Performing KYB is part of the organization’s Anti-Money Laundering (AML) programs to comply with applicable AML/KYC regulations. To prove whether a business customer is properly identified, the organization needs to verify the EIN or tax identification numbers, the articles of association, registered address of the business, and match the “Doing Business As” with the registered business name and registered address.
The Ultimate Beneficial Ownership (UBOs) are also identified as part of the KYB process to identify the actual beneficiaries of the business. As part of the KYB process, it is ensured that true persons behind the business are identified and verified. The details required of UBOs may vary slightly as compared to the details of the business customer; however, the purpose is the same, which is identification and verification.
Know Your Employee (KYE)
Know Your Employee or KYE is another critical part of the overall compliance due diligence is to know the employees working in the organization. Employees who work in the organization possess different experiences and educational backgrounds that an organization must know before hiring them.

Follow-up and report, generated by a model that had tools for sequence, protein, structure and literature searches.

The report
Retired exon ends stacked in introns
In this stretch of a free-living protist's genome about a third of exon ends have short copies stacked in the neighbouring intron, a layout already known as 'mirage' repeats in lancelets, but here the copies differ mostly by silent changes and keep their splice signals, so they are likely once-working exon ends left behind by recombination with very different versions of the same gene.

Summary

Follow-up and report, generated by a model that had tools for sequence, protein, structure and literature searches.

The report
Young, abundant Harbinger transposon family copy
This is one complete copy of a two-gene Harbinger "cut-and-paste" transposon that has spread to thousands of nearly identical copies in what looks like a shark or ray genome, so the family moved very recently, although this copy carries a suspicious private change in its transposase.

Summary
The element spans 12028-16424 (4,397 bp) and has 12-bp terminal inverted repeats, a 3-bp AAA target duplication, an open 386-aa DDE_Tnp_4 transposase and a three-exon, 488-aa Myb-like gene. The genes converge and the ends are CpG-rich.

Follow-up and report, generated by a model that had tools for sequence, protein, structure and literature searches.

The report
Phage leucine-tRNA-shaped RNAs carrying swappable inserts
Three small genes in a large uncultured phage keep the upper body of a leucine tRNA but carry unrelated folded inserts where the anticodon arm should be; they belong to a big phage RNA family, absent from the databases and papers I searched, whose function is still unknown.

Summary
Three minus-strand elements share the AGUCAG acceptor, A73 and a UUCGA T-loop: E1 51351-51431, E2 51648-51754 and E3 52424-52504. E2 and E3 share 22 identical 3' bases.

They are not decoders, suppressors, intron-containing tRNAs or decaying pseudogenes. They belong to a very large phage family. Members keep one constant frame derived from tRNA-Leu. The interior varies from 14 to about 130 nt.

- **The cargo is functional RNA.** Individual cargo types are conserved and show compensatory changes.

The human resource department is primarily responsible for hiring the right and required talent and performing background checks and verifications. The compliance department helps the Human Resource perform the risk assessment from the ML/TF risks point of view, considering the applicable regulatory requirements.
There is a risk that employees may be involved in terrorism or associated with terrorist organizations; therefore, appropriate and timely measures to know the employee are a mandatory requirement. There may be risks that the employees may support the criminals in using the financial channel or system of the organization for money laundering activities, resulting in potential reputational and financial losses
The objective is to determine if an employee has engaged in money laundering. A business with a shay foundation Know Your Employee policy may come under fire for money laundering and employee fraud, and they may suffer business losses. Businesses should exercise caution. A good illustration of this is the pre-interview information verification and, ultimately, a background screening check.
Although called in different names, these terms have very little differences. They’re are performed to comply with AML/KYC regulations. Mainly, to protect your business and to prevent the risk of onboarding a person or persons with history of financial crime.